I awoke yesterday morning to a text message from a friend. She had attached a screenshot of a Facebook profile bearing my daughter’s name and asked if it was my kid. I responded that I didn’t know, but I would find out.
I immediately called my daughter downstairs. I asked her point blank if she was on Facebook. She denied it (of course). So I did what any parent would do: I demanded that she bring me her iPad for an inspection RIGHT THIS MINUTE.
I locked myself into my bedroom and began with her Safari history. It was what you’d probably imagine an 8 year old girl’s browsing history would be: Google searches of lyrics to Taylor Swift songs, the states in alphabetical order, Minecraft EVERYTHING. Facebook, though, wasn’t listed. Interesting.
I moved on to her inbox. We recently set up iCloud accounts for both kids, which includes an iCloud email address. (Previously, my daughter used my iCloud login on her iPad, so when she discovered iMessage and started sending texts to everyone in my contact list full of poop emojis and requests for Starbucks, they thought those messages were from me. Not cool, kid. Not cool.) And there it was, in her inbox: an email confirmation from Facebook.
OMG. MY KID IS ON FACEBOOK. SHE IS EIGHT!
I went straight to Facebook.com. There it was, logged in. No profile picture or activity, but her name and date of birth. The year? 1991. Say what?!? My 8 year old was suddenly 26 years old.
Since she had already denied having a Facebook account, I did what any concerned parent would do. Delete it immediately? No way! I sent my kid a friend request. And then I texted my husband and had him send her one, too. Nothing says “you got caught” like friend requests from Mommy and Daddy.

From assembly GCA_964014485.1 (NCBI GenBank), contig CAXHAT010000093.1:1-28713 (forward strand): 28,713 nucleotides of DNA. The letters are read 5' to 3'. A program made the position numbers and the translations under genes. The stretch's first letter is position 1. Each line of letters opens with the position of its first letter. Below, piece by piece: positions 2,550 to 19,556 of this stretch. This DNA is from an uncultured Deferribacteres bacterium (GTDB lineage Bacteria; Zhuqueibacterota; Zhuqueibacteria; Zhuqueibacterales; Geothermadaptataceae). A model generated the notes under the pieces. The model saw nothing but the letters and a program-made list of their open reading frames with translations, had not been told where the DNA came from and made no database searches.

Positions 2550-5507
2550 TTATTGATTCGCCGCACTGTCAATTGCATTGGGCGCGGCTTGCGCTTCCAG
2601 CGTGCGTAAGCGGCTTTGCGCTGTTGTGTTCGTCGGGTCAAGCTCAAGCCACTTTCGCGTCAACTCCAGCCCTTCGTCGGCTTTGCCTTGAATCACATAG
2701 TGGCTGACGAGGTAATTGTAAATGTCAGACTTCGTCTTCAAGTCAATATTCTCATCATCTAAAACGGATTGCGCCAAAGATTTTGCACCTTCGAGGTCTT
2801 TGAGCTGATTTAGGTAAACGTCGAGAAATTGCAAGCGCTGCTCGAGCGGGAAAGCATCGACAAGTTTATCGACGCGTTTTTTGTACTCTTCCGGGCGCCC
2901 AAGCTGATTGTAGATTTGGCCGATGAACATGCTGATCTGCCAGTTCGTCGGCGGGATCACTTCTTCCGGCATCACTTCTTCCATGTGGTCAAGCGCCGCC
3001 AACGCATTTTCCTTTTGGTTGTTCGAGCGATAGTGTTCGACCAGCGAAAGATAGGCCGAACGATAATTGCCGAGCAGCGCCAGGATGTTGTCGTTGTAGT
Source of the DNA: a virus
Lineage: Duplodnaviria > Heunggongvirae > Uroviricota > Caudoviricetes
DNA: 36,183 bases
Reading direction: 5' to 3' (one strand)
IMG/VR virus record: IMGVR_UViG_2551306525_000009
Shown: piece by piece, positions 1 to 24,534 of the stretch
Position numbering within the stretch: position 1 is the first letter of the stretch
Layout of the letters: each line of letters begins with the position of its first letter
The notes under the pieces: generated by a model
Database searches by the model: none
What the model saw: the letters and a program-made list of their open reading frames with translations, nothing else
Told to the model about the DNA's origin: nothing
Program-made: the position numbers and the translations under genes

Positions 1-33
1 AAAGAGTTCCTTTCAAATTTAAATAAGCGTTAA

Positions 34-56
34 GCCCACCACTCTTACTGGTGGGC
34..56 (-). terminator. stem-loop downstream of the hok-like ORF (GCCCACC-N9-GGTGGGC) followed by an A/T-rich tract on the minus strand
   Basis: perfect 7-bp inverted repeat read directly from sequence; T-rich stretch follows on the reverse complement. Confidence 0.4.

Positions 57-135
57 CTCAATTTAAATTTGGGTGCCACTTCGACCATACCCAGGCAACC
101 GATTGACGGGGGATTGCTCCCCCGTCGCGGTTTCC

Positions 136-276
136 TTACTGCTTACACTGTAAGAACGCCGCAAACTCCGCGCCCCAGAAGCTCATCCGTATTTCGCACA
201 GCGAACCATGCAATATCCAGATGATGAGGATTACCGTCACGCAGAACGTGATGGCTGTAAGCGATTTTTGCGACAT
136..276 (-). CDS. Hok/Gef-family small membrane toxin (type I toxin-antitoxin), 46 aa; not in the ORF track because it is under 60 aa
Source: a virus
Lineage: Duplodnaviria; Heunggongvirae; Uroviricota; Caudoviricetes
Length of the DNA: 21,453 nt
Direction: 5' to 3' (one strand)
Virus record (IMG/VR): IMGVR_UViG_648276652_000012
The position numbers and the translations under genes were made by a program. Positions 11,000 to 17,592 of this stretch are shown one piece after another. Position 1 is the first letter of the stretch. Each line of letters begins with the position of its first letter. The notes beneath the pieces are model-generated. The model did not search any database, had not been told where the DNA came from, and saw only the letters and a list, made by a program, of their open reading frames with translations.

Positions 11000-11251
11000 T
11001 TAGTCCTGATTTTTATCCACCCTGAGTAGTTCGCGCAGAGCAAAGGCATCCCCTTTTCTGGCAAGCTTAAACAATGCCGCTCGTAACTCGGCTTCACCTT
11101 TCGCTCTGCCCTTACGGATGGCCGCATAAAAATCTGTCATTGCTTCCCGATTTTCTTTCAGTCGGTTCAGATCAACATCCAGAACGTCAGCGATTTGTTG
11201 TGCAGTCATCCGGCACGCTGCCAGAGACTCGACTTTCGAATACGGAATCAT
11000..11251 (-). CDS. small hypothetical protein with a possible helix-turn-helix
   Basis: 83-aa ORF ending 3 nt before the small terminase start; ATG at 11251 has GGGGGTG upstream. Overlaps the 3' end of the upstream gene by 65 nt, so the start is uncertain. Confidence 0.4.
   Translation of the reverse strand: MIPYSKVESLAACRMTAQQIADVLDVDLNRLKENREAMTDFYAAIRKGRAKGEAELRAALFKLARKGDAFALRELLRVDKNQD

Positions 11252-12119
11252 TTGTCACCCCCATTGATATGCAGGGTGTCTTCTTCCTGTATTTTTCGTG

After that, I set up strict parental controls and gave her the iPad back. I didn’t say a word about the Facebook page. Neither did she. She asked if she was in trouble. I told her we would talk about it when her daddy got home. She went back to ridiculously annoying YouTube videos, and I continued with the laundry.
As the day went on, she accepted my friend request. Then she accepted my husband’s. Then apparently she received a friend request from my dad and accepted that, too. We still did not talk about it.
Fast forward to dinner. We were sitting over a home cooked meal that my kids were actually eating without complaints (that’s a whole other blog for another day). My husband asked my daughter about her day. Then we both thanked her for accepting our friend requests. Her eyes got big. Her face turned red. BUSTED!
We started by addressing the lying. Did she lie when I asked her if she was on Facebook? Did she have to lie about her birthday to set up the account? We talked about how lying is bad, how we need to be able to trust her, yada yada yada. You know the drill. I don’t need to tell you about lying.
Then we discussed internet safety, why she’s too young for Facebook, how if she does something like this again the iPad will be gone for good, etc. She knows that we will be checking her iPad frequently and unannounced. My son and the neighbor kid got a good lecture on how to be safe online, too. It was a fun dinner.
Y’all, I knew this day was coming. I knew she would want to be on Facebook and other forms of social media. I just really didn’t expect it quite this young. If parenting is this fun at 8, what’s it going to be like when she’s a teenager? Pray for us please.
P.S. Her account has been deleted.